Tag Archives: Self-Publishing

Should I Self-Publish My Book?

If you want to be a capital “W” writer, there still is much to be said for the editing and publicity support of a publishing house — not to mention the prestige. If, however, your book is part of your business platform and you know you can sell copies in the course of your business (speaking engagements, trade shows, on your website); or, your story is simply one you know will find an audience, even if that audience is too “small” for a publishing house (see, e.g.,  Julie Flygare) — or some combination of both — you are a perfect candidate for self-publishing. Of course, there also are the E. L. James’s of the world who find a devoted online readership, which can help propel self-published E-Books up the Amazon and iBooks best-seller lists and as a result attract attention from publishers and agents. If you think that’s you — go for it! Below, my flowchart of some of the basic issues:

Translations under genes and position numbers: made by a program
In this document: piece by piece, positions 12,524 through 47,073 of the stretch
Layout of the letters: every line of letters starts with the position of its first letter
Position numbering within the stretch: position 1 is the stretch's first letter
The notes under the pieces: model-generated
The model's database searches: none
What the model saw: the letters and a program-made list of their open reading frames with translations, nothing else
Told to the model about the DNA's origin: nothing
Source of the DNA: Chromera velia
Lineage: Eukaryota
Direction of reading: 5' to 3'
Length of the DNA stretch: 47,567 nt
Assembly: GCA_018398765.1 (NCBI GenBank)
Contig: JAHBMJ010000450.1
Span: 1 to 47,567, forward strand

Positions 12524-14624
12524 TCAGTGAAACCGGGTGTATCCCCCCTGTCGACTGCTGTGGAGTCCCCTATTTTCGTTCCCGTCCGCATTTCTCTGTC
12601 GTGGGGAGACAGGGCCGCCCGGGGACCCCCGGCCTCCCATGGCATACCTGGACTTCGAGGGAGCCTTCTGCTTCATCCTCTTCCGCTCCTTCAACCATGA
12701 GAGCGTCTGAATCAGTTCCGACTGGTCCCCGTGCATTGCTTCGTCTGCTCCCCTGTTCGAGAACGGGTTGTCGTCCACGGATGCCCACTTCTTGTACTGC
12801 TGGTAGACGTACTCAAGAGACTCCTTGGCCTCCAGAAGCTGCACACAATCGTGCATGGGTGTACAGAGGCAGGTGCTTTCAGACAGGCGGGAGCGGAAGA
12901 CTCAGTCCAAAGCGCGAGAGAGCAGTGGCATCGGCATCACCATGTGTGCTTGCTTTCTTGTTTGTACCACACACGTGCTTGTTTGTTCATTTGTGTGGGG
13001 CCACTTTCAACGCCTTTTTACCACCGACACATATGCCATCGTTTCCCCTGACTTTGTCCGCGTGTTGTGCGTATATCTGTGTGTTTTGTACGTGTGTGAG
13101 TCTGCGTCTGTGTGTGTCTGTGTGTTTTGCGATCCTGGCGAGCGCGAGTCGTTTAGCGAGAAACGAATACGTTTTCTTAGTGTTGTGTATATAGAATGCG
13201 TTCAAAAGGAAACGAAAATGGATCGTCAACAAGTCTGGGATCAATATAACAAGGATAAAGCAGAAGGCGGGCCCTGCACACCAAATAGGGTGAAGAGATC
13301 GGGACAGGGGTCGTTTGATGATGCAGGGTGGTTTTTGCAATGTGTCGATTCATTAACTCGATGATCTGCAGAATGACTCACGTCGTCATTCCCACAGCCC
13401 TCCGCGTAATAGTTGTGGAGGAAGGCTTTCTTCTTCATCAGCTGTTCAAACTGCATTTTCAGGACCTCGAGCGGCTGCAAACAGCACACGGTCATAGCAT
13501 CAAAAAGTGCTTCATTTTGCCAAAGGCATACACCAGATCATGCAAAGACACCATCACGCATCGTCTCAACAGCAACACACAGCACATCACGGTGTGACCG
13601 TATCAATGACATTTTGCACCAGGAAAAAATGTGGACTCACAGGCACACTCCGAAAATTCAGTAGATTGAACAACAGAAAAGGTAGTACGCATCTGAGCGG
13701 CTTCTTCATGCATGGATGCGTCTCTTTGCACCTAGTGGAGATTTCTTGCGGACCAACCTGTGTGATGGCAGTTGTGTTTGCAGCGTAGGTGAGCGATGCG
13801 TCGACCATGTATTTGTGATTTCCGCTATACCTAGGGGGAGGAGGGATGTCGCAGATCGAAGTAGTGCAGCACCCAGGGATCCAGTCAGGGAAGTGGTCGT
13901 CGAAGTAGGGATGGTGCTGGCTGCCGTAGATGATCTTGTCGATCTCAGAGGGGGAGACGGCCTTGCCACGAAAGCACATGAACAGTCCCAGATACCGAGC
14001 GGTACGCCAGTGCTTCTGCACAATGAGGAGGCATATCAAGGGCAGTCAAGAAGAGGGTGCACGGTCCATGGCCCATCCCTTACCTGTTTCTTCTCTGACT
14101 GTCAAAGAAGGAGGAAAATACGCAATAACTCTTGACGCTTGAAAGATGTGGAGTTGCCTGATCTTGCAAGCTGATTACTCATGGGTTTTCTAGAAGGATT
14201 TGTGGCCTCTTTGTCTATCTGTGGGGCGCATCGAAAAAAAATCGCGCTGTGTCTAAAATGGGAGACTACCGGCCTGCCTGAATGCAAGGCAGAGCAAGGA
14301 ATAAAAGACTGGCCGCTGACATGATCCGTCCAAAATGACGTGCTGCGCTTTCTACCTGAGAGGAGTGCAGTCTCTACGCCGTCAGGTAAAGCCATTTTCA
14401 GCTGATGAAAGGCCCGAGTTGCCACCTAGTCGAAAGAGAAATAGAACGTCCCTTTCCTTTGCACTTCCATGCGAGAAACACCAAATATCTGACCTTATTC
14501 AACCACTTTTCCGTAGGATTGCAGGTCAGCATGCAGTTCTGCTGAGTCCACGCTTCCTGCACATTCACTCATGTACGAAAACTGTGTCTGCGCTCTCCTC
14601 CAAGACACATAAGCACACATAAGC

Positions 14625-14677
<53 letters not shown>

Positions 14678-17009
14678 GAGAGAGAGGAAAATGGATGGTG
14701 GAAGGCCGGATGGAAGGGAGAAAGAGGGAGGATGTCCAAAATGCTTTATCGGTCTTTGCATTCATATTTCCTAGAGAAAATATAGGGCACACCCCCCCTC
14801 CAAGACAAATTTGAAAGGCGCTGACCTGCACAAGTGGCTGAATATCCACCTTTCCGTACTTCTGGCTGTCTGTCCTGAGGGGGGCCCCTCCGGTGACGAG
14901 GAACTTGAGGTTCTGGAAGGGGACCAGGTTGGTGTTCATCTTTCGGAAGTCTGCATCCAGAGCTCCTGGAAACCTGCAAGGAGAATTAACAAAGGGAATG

Flowchart4

Self-publishing used to be sort of the secret, ugly, bastard step-child (am mixing my metaphors, I know) of the industry. But with the relative ease of self-publishing E-Books, with the success of certain self-published writers, and with digital advances that make self-published print books not only easy to do oneself but much more professional looking, I don’t think they are quite as stigmatized. As an agent, if I believe that a book is terrific but I just don’t think the big publishing houses will bite, I wholeheartedly encourage self-publishing. Likewise, if I try to sell a book and cannot — and particularly if that book has a devoted niche audience, such as Young Adult or Science Fiction (or Romance, though I don’t take on Romance manuscripts) — I will absolutely direct a writer towards self-publishing. Even if the big houses aren’t interested, we have seen that there are still readers out there, finding books through websites and listserves.

But by fervently supporting self-publishing, am I condemning the industry by which I make a living to a slow death? The thinking being: if more people are self-publishing, more people are buying and reading self-published books, thus supporting Amazon, thus further decreasing the traditional publishers’ bottom lines, thus ultimately decreasing author advances. Perhaps just as important, am I supporting a vast morass of unedited, uncurated crap?